Want to Know How to Pass the Excel Certification Exam? Master These 4 Basics
With as fluid and unpredictable as the job market is at this time, any skill that can give you an edge over the competition should be pursued. With a Microsoft Excel Certification, you have the foundational skills to take that extra step that some of your counterparts might be unable to take.
Excel Certification combines several disciplines into one multifaceted skill set, enabling certificates to broaden the scope of their job search and have any pick of positions offered to them. And while Microsoft Excel classes and training can get you the actual certification, learning the basics can help those courses make a lot more sense.
Here are some base-level skills you should learn if you want to know how to pass the Excel Certification test:
Create and Manage Workbooks and Worksheets
Workbooks and worksheets are at the heart of Excel, so knowing how to not only create but manage and navigate through them is a critical skill. You should know not only how to create a new workbook, but how to use Excel’s existing templates as well as how to import from another file.
Adding worksheets to an existing workbook as well as the ability to customize and edit worksheets and workbooks are necessary skills. Can you split windows, assign shortcuts, and insert watermarks?
Create Cells, Ranges, and Tables
Cells and ranges are fundamental building blocks in Excel. You should understand the methods and shortcuts to insert data into cells and cell ranges. You should also be familiar with the various options available for formatting cells and ranges.
Tables are core knowledge for the specialist exam. Can you create and modify tables? You will also need to understand how to filter and sort data tables.
Understand How to Apply Formulas and Functions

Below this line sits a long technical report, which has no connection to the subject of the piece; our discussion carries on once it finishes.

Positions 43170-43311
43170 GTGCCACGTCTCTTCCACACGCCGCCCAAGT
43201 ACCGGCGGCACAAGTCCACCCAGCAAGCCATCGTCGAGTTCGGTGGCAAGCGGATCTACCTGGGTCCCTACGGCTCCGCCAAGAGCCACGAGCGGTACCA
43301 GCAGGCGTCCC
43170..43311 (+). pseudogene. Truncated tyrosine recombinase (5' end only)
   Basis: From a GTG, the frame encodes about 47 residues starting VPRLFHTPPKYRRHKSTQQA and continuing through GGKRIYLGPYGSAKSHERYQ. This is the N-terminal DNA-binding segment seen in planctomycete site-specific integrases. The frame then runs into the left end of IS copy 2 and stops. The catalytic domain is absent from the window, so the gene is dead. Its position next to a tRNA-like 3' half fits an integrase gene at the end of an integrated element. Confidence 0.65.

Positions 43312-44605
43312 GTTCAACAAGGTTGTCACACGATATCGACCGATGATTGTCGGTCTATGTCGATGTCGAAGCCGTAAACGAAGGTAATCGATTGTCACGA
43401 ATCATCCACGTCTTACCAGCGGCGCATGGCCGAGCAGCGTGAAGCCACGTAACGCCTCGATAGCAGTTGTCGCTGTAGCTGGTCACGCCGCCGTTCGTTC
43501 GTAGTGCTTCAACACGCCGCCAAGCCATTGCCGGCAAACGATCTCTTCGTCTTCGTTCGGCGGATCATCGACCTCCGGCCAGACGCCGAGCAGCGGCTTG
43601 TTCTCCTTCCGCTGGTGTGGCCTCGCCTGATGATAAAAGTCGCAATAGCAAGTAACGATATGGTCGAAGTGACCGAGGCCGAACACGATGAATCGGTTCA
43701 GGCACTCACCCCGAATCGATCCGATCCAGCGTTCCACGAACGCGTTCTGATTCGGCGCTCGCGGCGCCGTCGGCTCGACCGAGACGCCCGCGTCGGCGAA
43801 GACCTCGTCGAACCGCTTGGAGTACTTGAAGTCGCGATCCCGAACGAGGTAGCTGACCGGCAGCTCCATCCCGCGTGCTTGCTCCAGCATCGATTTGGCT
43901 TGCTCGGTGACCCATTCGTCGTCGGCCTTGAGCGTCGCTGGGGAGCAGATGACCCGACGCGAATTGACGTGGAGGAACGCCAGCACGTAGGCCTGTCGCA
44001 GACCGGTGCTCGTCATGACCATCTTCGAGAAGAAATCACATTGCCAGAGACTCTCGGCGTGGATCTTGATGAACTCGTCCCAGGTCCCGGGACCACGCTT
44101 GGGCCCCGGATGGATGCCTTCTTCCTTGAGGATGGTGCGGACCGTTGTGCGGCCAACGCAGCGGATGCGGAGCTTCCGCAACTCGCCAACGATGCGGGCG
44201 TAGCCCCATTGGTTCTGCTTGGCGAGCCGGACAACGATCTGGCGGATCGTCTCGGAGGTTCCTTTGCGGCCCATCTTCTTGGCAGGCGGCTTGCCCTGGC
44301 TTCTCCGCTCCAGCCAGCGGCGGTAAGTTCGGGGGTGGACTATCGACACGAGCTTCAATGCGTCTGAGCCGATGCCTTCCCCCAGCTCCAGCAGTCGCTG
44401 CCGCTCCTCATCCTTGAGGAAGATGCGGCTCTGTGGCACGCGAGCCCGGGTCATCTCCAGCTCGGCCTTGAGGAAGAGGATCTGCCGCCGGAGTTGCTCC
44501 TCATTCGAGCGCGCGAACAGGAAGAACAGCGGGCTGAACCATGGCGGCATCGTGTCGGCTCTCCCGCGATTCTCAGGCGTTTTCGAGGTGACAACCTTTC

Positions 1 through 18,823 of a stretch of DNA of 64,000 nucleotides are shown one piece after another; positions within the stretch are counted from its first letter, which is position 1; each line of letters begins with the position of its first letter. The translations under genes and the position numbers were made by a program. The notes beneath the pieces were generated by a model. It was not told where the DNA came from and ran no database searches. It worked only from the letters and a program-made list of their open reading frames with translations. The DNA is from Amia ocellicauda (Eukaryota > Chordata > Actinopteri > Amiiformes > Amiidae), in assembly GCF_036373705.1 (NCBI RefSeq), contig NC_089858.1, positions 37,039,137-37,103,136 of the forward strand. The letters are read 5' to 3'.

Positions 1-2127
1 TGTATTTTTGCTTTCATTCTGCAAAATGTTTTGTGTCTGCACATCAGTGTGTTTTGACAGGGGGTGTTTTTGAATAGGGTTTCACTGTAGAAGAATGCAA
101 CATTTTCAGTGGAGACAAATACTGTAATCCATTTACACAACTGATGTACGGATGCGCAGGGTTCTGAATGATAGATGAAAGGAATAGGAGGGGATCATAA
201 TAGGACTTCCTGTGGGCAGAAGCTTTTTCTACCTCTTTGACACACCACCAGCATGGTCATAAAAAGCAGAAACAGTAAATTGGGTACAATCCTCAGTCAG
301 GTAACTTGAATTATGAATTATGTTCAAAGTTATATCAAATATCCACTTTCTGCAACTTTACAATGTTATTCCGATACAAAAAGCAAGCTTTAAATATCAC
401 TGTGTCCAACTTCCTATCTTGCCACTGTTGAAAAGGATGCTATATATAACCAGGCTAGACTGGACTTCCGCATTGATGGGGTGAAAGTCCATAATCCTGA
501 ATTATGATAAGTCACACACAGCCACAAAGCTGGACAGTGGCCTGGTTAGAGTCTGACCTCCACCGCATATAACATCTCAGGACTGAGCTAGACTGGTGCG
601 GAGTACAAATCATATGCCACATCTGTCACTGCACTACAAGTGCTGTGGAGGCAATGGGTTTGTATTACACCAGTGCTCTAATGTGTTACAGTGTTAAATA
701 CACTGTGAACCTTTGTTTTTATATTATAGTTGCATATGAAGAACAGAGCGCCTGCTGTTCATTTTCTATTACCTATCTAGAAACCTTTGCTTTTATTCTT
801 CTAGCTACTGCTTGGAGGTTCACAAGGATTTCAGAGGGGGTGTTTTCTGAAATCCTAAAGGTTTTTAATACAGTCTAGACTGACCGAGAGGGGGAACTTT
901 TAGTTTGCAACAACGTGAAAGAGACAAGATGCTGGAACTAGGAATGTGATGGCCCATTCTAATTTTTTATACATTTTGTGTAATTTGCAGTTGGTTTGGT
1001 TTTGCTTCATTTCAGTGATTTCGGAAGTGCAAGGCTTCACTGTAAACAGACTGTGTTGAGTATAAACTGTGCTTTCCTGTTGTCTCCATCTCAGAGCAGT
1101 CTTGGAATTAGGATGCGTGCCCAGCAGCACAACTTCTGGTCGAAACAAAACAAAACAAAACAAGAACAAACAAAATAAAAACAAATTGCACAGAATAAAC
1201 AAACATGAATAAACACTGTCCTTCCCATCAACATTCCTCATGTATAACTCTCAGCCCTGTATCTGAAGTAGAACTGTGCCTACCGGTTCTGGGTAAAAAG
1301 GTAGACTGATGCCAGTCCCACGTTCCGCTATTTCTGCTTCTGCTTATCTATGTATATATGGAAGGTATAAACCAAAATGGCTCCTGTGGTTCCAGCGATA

Are you familiar with the common formulas and functions used in Excel, to help save time and create more accurate outcomes? If not, it would be smart to brush up on them, as well as how to use them within a workbook or sheet.
Functions, such as SUM, AVERAGE, MIN, MAX, and more are in place to help you make potentially complex calculations easier and more accurate. You should know how to apply these to your data sets, as well as how to use “conditional logic” – “if” statements – to manipulate your data.
Create Objects and Charts
Prior to the Excel assessment test, not only should you be well-versed in creating sensible charts and graphs using original data, but you should be able to add additional data to an existing chart or graph to make the change seamless. Excel provides a useful Quick Analysis tool for critiquing your charts and graphs, and experts should know how to use this tool to their advantage.
A chart isn’t very useful without formatting and contextual information to explain its purpose. Those who want to ace the Excel Certification exam should know how to add useful formatting in the form of legends, keys, and labels. Charts have virtually limitless customization options, too, so you should feel comfortable changing your chart parameters, appearance, and more.
Much more than just a data-manipulation tool, Excel has countless options for text box insertion and formatting, object insertion and formatting, and editing of objects, images, and other items. Brush up on the ways in which users can manipulate, edit, and style objects and images within Excel to boost your exam-success potential.
Excel has far more capabilities than many people know; its power with regards to creating reports, budgets, team performance reviews, invoices, and much more is robust. It’s not just for numerical data, as users can perfect their ability to add images, charts, graphs, objects, and more to enhance whatever they may be creating, but from a presentation one.
Figuring out how to pass the Microsoft Excel Certification test can be the big-ticket needed to push you past similarly qualified applicants for the job of your dreams. Once you’ve mastered the above tactics, contact ONLC Training Centers to sign up, train, and march toward your professional goals.